Big Game, Small World: A Basketball Adventure by Alexander Wolff. Readers of my other weblog will no doubt be thrilled to know that the basketball content will be extending to the book log as well. What can I say, I’m a hoop junkie.
As noted a while back, there seems to be some inverse correlation between the pace of a sport, and the quality of the literature surrounding it. A good example in support of this would be the fact that there aren’t really any great novels (that I can think of) about basketball (though Bruce Brooks’s The Moves Make the Man is a pretty good YA-ish book).
The game has, however, produced some very good non-fiction books. John Feinstein’s A March to Madness, describing a season in the Atlantic Coast Conference, and his The Last Amateurs, about a season in the smaller Patriot League, are examples of good writing about a great game. Feinstein’s prone to repetition– you can never really lose sight of the point he has in mind for one of his books, as he repeats it every three pages or so– but as sports writing goes, they’re excellent books.
Into that same category, I’d insert Big Game, Small World. A hoop junkie like myself, but a journalist by trade, Wolff set out to investigate the state of basketball around the world, visiting sixteen different countries, from Canada, where Dr. James Naismith (the inventor of the game) was born, to Bhutan, where the king has a daily pick-up game with the Royal Guards, to Angola and Bosnia, where the games go on in spite of bloody civil wars.
Given that context, it was particularly surprising to find a mention of my home town, when Wolff visits a Gus Macker 3-on-3 tournament in Florida:
Trolling through the courts, I found a team to follow. The Whitney Point Eagles came from a town of about 1,000 on the southern tier of New York State. They’d qualified for the nationals by winning the 11- and 12-year-old girls’ division at the Macker in Norwich, New York, back in July. To fund their trip, the Eagles had spent the intervening months raising more than $3,000 with car washes, bake sales, and raffles, and “by returning a lot of bottles and cans,” according to one of the girls’ moms, all of whom had made the trip. (The dads were back in Whitney Point, making do with delivered Domino’s.)
(I have two quibbles with the last aside: first, as far as I know, Domino’s won’t deliver to Whitney Point, and second, there’s better pizza available in town…)
It turns out that I actually sort-of-know one of the girls mentioned in the book (I’ve played pick-up games with her father, and she and her father used to borrow my father’s gym keys on a regular basis so she could practice). They’re only in the book for a page or two, but it’s a decent description, and more than Whitney Point usually rates. And it’s a kick to see girls my father used to coach mentioned in the same book as the basketball-playing Bhutanese royal family.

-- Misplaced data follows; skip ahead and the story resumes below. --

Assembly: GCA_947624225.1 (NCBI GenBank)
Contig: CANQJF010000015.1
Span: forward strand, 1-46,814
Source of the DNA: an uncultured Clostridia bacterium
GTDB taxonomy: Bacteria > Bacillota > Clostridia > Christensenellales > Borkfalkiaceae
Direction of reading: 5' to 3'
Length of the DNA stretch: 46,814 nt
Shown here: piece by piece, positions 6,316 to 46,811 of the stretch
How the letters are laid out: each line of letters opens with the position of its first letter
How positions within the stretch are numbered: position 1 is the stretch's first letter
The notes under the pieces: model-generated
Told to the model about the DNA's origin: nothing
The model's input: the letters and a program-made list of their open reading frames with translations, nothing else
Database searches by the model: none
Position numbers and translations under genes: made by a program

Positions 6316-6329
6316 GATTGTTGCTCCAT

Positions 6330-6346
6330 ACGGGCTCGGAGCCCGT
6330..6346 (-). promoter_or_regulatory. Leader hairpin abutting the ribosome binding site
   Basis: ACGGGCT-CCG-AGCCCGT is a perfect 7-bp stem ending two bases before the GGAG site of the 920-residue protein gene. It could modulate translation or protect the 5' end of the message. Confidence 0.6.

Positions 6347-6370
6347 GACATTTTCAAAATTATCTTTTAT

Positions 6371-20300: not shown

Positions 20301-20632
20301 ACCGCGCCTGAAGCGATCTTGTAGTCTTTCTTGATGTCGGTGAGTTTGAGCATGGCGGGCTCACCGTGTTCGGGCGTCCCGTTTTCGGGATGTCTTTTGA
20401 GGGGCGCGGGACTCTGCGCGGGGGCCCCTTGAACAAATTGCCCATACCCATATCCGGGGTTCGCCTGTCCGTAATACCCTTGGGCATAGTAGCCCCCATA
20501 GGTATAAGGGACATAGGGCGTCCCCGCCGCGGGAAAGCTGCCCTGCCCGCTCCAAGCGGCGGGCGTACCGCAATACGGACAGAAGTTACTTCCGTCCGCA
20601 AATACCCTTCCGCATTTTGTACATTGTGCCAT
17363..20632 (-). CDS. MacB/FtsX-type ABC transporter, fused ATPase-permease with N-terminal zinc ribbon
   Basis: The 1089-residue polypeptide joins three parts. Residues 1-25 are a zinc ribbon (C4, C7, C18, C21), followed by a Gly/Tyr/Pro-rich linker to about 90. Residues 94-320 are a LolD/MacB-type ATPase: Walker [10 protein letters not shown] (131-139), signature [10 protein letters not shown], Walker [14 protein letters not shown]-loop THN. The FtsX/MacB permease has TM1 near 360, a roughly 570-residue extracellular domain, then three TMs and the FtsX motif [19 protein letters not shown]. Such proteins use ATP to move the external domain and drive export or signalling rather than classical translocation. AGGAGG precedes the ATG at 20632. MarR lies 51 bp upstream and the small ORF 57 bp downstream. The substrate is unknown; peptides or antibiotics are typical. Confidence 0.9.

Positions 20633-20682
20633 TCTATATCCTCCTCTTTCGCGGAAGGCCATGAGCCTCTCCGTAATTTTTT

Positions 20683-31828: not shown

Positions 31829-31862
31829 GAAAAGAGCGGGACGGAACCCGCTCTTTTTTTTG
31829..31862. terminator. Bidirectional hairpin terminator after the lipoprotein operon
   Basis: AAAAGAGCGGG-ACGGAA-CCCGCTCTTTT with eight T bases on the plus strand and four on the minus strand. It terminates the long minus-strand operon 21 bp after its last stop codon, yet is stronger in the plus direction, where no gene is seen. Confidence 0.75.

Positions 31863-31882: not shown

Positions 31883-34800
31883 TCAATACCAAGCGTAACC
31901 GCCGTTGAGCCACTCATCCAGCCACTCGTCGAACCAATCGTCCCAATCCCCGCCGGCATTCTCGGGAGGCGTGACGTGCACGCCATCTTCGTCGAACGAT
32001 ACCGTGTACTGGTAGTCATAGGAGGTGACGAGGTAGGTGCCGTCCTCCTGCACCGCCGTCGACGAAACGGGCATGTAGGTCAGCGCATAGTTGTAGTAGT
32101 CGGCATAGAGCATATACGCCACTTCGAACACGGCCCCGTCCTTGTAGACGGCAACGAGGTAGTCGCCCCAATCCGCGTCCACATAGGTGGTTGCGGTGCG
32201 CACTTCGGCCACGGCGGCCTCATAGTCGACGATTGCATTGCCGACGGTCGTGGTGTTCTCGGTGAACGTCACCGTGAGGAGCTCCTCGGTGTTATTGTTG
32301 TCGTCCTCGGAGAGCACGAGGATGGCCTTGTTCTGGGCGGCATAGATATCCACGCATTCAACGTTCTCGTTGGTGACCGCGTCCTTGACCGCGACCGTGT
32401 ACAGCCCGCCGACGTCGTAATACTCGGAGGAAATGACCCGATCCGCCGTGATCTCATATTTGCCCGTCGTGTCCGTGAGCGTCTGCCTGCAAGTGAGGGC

The pieces are generally very good, but the book is subject to the general flaws that plague sports writing. First, Wolff has a tendency to try to stretch for a Larger Meaning. This is particularly pronounced in the sections on Angola and the former Yugoslavia, where he tries to present basketball as some sort of metaphorical alternative to warfare. I found this a little grating; someone from one of those countries might find it downright insulting.
He also has a tendency to overreach slightly in the writing. Sometimes, this works– his description of Tokyo (“If the good folks who bring you The Shaper Image catalog were to design a theme park, this would be it”) is dead on, but the same impulse that leads to the occasional brilliant metaphor can also lead to some jarring errors in word choice: in the same piece as the Tokyo line, about a female star who became a cloistered nun, he describes a trip to Las Vegas where the future Poor Clare “cleaned out every basketball arcade game [at Circus Circus] and headed to the Strip, where she plied kids with the stuffed animals she’d just won.” He’s stretching a bit, to sound more impressive, but “plied” has a sleazy, “hey, little girl, I’ve got a candy bar,” connotation that’s probably not the sort of thing he was shooting for. Those sorts of “That doesn’t quite means what you think it means” slips are pretty common, both in this book, and sports writing in general.
(I should note that the mention of the Poor Clares interacts… oddly with The Apocalypse Door…)
Those are just quibbles, though. On the whole, it’s a very good book, at least if you’re a fan of the game of basketball. I’m not sure whether I’d recommend it to people who don’t already like the game.
(Originally posted on The Library of Babel.)